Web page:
The extraordinaire of Majrooh Sultanpuri
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The extraordinaire of Majrooh Sultanpuri

He always made sure to keep political symbolism alive with his words.

The extraordinaire of Majrooh Sultanpuri

Chura Liya Hai Tumne Jo Dil Ko is one of the many golden songs that still tops everyone's retro playlist. This song and many more were penned by Majrooh Sultanpuri- one of the finest Urdu poets and film lyricists of all time.

Born as Israr Hassan Khan on the eve of Eid in Sultanpur district of Uttar Pradesh, his birth year is a debatable issue. According to Akhtar Farooqui, he was born in 1918, whereas some other source mentions the year 1919. The date, however, unanimously has been decided on October 1. Khan was sent to a Madrassa, where he learned Urdu, Persian, and Arabic. Like most families, his father, a constable at Sarai Mir Police Station, did not want him to pursue music. He was thus sent to Unani medicine to train as a traditional physician.

In the years of his studies, he got himself enrolled in a music school. His poetic journey thus began at an early stage, and he used his pen name 'Naseh.' In his youth, he fell in love with a girl but could not receive her affection. He thus changed his pen name to 'Majrooh' (the wounded). When his father learned about Majrooh's music school, he stopped him from learning music. Out of choice, he practiced as Hakim, but his fate wanted something else.

Being unsuccessful in his practice, he soon started reciting poetry at various Mushairas (poetic soirees) in Sultanpur. Jigar Muradabadi was the one who shaped his poetic temperament and took him to Bombay's Mushaira in 1945. This is what kickstarted his career as a film lyricist. Film director AR Kadar, who was present in the audience, was impressed by Majrooh and hired him as a lyricist. Since then, Majrooh has written innumerable songs for Bollywood and the Bhojpuri film industry.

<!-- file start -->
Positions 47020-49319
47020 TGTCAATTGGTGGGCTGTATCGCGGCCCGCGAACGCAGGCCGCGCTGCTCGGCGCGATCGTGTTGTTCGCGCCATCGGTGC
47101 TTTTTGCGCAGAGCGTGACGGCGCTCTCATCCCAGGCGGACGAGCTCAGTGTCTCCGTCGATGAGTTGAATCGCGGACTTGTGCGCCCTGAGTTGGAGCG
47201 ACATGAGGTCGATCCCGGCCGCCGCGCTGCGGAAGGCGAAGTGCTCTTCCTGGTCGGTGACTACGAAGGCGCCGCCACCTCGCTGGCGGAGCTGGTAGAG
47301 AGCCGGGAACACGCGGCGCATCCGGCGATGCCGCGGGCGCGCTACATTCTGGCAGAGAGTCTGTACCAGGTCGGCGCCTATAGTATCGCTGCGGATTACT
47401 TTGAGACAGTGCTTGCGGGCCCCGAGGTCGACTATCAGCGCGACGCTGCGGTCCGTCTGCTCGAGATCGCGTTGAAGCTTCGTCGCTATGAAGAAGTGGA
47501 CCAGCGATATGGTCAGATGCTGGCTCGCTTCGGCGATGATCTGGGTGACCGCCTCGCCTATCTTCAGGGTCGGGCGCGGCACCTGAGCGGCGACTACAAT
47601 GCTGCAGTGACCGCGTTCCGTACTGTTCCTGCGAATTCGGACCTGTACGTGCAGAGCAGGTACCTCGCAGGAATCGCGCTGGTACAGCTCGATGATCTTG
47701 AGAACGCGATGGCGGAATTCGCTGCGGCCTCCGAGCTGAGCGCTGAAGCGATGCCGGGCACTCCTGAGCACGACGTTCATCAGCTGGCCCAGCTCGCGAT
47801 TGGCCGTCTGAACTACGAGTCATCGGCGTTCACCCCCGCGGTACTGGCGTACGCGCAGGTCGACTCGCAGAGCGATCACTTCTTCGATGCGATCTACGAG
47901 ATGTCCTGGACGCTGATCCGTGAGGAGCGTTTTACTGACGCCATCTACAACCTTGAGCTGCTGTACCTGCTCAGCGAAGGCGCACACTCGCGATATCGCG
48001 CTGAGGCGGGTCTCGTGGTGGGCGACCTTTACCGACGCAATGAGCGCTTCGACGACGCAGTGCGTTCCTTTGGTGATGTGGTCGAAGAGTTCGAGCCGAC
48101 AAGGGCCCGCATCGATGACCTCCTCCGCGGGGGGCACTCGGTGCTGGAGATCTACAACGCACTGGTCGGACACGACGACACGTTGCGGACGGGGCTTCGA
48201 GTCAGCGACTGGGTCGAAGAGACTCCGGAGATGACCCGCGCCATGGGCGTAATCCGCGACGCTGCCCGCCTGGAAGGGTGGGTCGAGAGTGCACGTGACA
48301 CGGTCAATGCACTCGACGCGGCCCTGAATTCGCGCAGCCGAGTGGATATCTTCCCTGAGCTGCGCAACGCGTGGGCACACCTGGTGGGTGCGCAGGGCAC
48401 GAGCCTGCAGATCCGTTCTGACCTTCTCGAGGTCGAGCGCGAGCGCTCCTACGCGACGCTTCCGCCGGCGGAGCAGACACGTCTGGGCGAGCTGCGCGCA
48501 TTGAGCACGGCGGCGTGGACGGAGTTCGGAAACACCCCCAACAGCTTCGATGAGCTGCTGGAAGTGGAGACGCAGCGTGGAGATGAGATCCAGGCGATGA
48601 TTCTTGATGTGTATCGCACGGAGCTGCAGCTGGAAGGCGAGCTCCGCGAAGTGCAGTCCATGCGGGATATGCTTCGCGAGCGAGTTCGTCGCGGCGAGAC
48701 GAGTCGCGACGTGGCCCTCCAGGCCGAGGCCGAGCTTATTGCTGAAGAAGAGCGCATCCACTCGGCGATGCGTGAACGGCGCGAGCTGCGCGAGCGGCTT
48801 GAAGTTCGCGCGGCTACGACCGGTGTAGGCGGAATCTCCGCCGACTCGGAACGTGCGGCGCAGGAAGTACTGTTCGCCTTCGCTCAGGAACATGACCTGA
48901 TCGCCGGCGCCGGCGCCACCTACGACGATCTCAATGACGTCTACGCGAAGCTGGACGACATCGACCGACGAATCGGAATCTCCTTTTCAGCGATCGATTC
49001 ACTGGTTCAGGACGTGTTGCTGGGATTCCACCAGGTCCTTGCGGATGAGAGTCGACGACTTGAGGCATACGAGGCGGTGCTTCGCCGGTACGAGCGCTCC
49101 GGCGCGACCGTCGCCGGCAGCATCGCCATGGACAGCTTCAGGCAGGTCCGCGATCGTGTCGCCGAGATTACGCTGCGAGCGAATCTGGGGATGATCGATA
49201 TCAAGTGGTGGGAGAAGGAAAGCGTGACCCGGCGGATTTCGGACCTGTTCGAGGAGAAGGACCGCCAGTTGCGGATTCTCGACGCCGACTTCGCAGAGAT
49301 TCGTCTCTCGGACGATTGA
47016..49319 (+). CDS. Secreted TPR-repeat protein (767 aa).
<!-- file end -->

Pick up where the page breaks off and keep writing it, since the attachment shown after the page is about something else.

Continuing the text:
Jab Dil Hi Toot Gaya, Thaare Rahiyo, Oh Mere Dil Ke Chain are one of the many songs he wrote, which are still on everyone's lips.

Majrooh was skeptical about being known as a Bollywood film lyricist. Though this identity earned him recognition and many awards. He, however, always made sure to keep political symbolism alive with his words. He could keep the meaning of Ghazals intact when it saw a fall. He also named his collection of poems 'ghazals.'

To distinguish himself from film lyricists, he also penned revolutionary poems for which he had to go to jail. Unlike mainstream Urdu poetry of love and longingness, his poems spoke of breaking the chains of oppression.

Dekh zindan se parey rang-e-chaman josh-e-bahar
Raqs karna hai to paon ki zanjir na dekh

(Look beyond the prison walls what flowers have bloomed, at the exuberance and fervour of spring
If you want to dance, don't look at the shackles of your feet)

He also wrote in protest of the Nehru Government, where he compared Nehru with Hitler:

Aman ka jhandaa is dharti pe
kisne kaha lahrane na paaye
ye bhi koi Hitler ka hai chela,
maar le sathi, jaane na paaye!
Commonwealth ka das hai Nehru
maar le sathi, jaane na paaye!

(Such unease with our flag of peace! Is it some protégé of Hitler, or a mere slave of the Commonwealth? It is Nehru, my friends. Take him by the collar lest he gets away)

He refused to apologise for what he wrote. As a result, he was put behind bars, and even then, he continued to compose. As a member of the Communist Party and All India Progressive Writer's Association, he also followed the slogan of Yeh Azaadi Jhoothi Hai and when the movement weakened, he wrote:

Hum ko junoon kya sikhlate ho, hum the pareshan tumse zyada.
Chaak kiye hain ham ne azizon chaar gareban tum se ziyada.

He also saw sometime underground and was arrested for protesting against the arrest of Faiz Ahmed 'Faiz' in the Rawalpindi Conspiracy Case. He breathed his last on 24 May 2000 but is still remembered through his words.